I’ll admit it. Viral videos drive me bonkers. Usually my ire is directed at what are, from my perspective, unimaginative, banal, ‘appeal to the lowest common human denominator’ efforts that somehow manage to rack up 23 million views.
When I hear about a trending corporate or brand viral video that gets the attention of Mashable or the Today Show, my initial instinct is one of skepticism that the video is deserving of its view count. That was certainly my intent after stumbling across a video last week created by the Holderness family of Raleigh, NC, titled, “Xmas Jammies.”
The video has over 12.5 million YouTube views and, after watching the video, the pickup is well deserved. It contains that perfect storm of attributes necessary for viral videos, including:
Timeliness – As a video ‘holiday card,’ the content of the video relevant right now, not six months from now. This matters when it comes to media pickup of the video, because there are lots of videos out there with millions of views, but not all of them are directly relevant to the current news cycle.
Fast-paced and visual – One has to wonder if the video would have garnered the same traction if the family had been singing while seated on a couch, or confined to the living room. The family took it up several notches by extending to a number of different, diverse locations.
Writing is genuine and creative – In most cases, viral videos come down to the quality of the content, and the writing here is clever, topical, unique, and, importantly, genuine to the lives of all the family members. Unique in the sense of having one family member with an Iron Man 3 role, and personal in the sense that another is willing to reference his vasectomy.
Not overtly self-promotional – Only at the end, do we learn there is a subversive motivation here, which is that the husband is joining his wife to do professional video development at the firm greenroom. While many videos attempting to go viral awkwardly inject their brand into the heart of the video, the greenroom team understands subtlety is key to viral success. In this case, the reference at the end of the video does not detract from the genuine feel of the content, and actually adds relevance to it.
The Holderness video connects to a broader challenge that marcomm firms face when trying to showcase creativity and content to existing customers and prospects. Firms seek to find the right balance of how often to reach out to these audiences with news and work examples, and determining the right vehicles for this outreach. Monthly e-newsletters, social media shares, and other methods to showcase new website projects, video production work, digital campaigns and public relations success must recognize the fact that each ‘touch’ can create noise. For that reason, agencies should look for, as the Holderness’ did, outside the box, and timely opportunities to connect.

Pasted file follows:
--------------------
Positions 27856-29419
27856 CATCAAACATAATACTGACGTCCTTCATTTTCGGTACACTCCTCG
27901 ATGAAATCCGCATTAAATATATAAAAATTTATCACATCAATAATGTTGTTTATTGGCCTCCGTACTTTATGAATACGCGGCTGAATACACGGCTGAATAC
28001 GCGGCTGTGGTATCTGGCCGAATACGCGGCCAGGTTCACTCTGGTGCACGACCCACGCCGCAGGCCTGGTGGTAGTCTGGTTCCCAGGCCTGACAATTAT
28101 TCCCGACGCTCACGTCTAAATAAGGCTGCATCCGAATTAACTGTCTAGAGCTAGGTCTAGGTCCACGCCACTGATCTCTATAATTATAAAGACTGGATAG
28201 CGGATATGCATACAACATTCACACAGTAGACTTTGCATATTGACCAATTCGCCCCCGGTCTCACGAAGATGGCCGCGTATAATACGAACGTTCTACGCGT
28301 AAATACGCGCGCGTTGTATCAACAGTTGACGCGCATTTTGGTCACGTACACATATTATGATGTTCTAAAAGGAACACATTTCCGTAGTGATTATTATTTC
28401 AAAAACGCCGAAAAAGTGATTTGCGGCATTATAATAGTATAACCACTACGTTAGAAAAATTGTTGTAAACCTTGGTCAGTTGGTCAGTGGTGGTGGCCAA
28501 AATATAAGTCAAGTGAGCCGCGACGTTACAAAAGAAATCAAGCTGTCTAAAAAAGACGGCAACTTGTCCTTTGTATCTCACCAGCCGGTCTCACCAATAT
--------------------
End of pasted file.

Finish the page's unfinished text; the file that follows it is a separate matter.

Holiday and New Year’s video greetings/e-cards offer a strong opportunity for agencies to showcase the type of video and digital work they are capable of – in a way that does not come off as a blatant business development tactic. What is important when creating an agency holiday greeting video or e-card is to focus on intent. Is the goal to let past/existing clients know about agency services that are often overlooked or for which your agency is less known for? If so, focus on using those capabilities in the final product, whether it is infographics, gamification, mobile app development or straight video production. Perhaps you want the video to communicate something about the culture and people of the firm, and if that is the case, work in those aspects. If the goal is to get attention from prospects, think about content that will rise above the clutter and get their attention.
There are countless examples this holiday season, and one that I’m fond of is from Amp Agency, which created a rather basic tool that can ‘cheerify’ any website. This allows user personalization, while drawing attention to the fact that the firm knows website, digital and creative.
Another one making the rounds comes from Boulder, CO-based Victors & Spoils, an ad agency that developed a holiday-themed twist on the video that circulated earlier this year in which a blonde model was transformed in a time-lapse video. With this video, the ad agency demonstrated its consciousness of the deeper relevance of the initial time-lapse video as it relates to the role ad agencies play in skewing public perception of physical beauty, while at the same time demonstrating its video chops.
While it may be too late to showcase your agency’s work for the holidays this year, it is an approach that can be applied to other events throughout 2014 with similar effect, whether it is Independence Day, Valentine’s Day, Halloween, Mother’s Day or others. And with that, happy New Year!